Breviary Technical Ceramics





Science and technology are in continuous development. This leads to ever more demanding and intelligent technology.

The demands made on modern materials are increasing with the same dynamism. The features that are demanded include greater strengths for material-saving constructions, lighter components for energy saving, higher quality for more security and longer service life. After all, cost-effectiveness plays a crucial role.

Ceramic materials have in the past made an important contribution to this process of innovation.

Requirements for the successful application of ceramics include constructions that are appropriate to the materials and the manufacturing processes, as well as appropriate applications. The point is not that common materials can be displaced, but rather that customised products allow completely new solutions.


The road to the ceramic component

In order to make intelligent and effective use of the properties of ceramics, it is not sufficient simply to take an existing structural component and to replace it in every detail with a ceramic part. A drawing of the component used so far, however, together with a great deal of supplementary information, can show the way to the mass-produced ceramic component.

Thermal, electrical, mechanical loading and the chemical environment must all be taken into account in this process. Appropriate criteria relevant to each particular case mean that one or more suitable materials out of the wide range of available ceramics can be identified. The materials tables and associated descriptions in the following chapters will be helpful in this process.

The ceramic material for the new application must satisfy the technical analysis of the particular problem, must also offer an appropriate price/performance ratio throughout its service life, and may have to offer additional benefits.

The drawing is then checked for feasibility of implementation, and optimised for manufacture.

The tolerances required are often typical of those for metals, i.e. relatively close for all surfaces. In order to optimise costs it is necessary to distinguish between the general tolerances typical for ceramics, and special tolerances that may be needed for functional surfaces.

In a few cases it may also be necessary to consider the functional principles, and therefore perhaps a new design for the assembly.

The user will be steered through the process described above by the ceramics manufacturer.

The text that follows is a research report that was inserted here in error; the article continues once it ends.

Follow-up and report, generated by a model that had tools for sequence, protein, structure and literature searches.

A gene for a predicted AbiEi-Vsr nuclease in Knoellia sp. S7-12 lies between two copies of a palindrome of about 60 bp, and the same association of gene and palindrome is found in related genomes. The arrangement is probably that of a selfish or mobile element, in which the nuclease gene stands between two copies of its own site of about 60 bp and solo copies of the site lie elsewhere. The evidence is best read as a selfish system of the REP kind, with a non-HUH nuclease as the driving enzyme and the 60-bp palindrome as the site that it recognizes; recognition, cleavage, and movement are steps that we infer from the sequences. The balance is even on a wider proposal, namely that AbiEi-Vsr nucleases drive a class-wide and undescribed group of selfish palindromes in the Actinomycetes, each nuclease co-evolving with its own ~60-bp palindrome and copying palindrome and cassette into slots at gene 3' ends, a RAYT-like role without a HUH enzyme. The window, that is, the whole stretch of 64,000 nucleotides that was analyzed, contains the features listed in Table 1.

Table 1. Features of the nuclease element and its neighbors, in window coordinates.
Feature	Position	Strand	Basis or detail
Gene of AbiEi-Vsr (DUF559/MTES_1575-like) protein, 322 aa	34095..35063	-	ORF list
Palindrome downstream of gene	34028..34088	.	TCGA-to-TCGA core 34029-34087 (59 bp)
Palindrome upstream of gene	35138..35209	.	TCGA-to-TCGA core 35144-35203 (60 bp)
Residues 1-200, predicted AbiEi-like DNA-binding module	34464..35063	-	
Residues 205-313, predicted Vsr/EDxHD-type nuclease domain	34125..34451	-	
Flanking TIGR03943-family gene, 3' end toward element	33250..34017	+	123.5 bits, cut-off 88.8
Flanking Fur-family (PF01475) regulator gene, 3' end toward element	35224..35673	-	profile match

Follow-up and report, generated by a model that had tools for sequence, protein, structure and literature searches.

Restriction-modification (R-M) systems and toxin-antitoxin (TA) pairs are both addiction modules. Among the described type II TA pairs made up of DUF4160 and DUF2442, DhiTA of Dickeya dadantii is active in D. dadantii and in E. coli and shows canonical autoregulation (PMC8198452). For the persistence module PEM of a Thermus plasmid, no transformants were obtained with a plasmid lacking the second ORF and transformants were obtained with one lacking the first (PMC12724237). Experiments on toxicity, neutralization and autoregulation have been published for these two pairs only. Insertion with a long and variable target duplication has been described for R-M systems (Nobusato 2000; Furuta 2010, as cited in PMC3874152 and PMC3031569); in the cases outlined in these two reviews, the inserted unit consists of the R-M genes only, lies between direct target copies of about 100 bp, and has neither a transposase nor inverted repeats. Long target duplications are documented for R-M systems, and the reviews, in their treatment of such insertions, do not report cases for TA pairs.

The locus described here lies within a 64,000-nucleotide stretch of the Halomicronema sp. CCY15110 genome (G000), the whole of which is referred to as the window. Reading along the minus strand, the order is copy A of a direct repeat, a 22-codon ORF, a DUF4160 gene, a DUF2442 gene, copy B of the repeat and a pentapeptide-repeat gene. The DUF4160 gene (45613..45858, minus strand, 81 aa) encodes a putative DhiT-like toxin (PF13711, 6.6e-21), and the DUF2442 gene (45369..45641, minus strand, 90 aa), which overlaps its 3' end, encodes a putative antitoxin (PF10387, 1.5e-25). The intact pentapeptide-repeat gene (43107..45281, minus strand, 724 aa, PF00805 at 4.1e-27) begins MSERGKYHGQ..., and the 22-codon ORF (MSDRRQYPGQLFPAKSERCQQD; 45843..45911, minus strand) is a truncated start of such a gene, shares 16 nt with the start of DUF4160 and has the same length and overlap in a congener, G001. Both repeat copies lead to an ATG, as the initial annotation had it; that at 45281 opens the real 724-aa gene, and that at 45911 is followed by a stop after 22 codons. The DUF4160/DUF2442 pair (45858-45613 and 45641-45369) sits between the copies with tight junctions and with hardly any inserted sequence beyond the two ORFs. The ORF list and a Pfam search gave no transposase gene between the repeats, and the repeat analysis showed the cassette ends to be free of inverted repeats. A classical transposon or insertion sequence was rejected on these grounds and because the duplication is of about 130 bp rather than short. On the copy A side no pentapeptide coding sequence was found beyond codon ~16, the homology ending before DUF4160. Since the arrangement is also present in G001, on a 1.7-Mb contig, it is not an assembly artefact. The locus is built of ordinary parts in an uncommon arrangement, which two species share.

After clarifying the technical details, the ceramics manufacturer can choose the optimum production procedure, bearing in mind the length of the production run, and can make a quotation.


Ceramics today

Ceramics have already proven themselves in a wide variety of applications, and are being considered for others where high hardness, wear resistance, corrosion resistance and high temperature stability, combined with low specific weight, are necessary. The new high-tech materials achieve high levels of strength. Their figures are comparable with those for metals, and generally exceed those of any polymer.

The properties of the ceramic material are heavily influenced by those of the particular microstructure. The mechanical and physical properties can be influenced in different ways through the deliberate creation of particular microstructures, a process referred to as "microstructure design".

An important point always to bear in mind when applying ceramics is this - ceramics are brittle! The ductility of metal construction materials make them "good-tempered and well-behaved". They are able to forgive small errors of construction (incorrect tolerance), because they are able to disperse local stress peaks through elastic and plastic deformation.

Other features typical of metals include good electrical and thermal conductivity, and characteristics that are independent of orientation.

Ceramic materials, on the other hand, are usually electrically and thermally insulating, have high hardness figures, and may have very low thermal expansion. Their shape is, furthermore, extremely stable due to the absence of a capacity for plastic deformation. Compression strengths ten times greater than the bending or tensile strengths can be achieved. In comparison with metals, ceramics are particularly suitable for application at high temperatures, since the characteristics of ceramic materials are altogether less strongly influenced by temperature than metals and even then only at particularly high temperatures. Ceramics offer equally high benefits in terms of corrosion and abrasion resistance.

Because of these advantages, we find technical ceramics wherever we go. Without ceramic insulators, many household devices would not function. Likewise, without insulators and safety devices made of technical ceramics, a reliable electricity supply would be unthinkable. Ceramic substrates and parts are the basis for components and modules in all areas of electronics, while in machine and plant construction sliding and bearing elements provide low wear, corrosion-free function. Ceramic construction and insulation materials are indispensable to the industrial furnaces used in high-temperature technology. Even these few examples make clear that technical ceramics have an important role to play in today's world.

Ceramic components are often, however, not visible at the first glance. Nevertheless they play a crucial role, both in conventional applications and in innovative products.

The potential of technical ceramics has not yet been exhausted.


<< back   home   next >>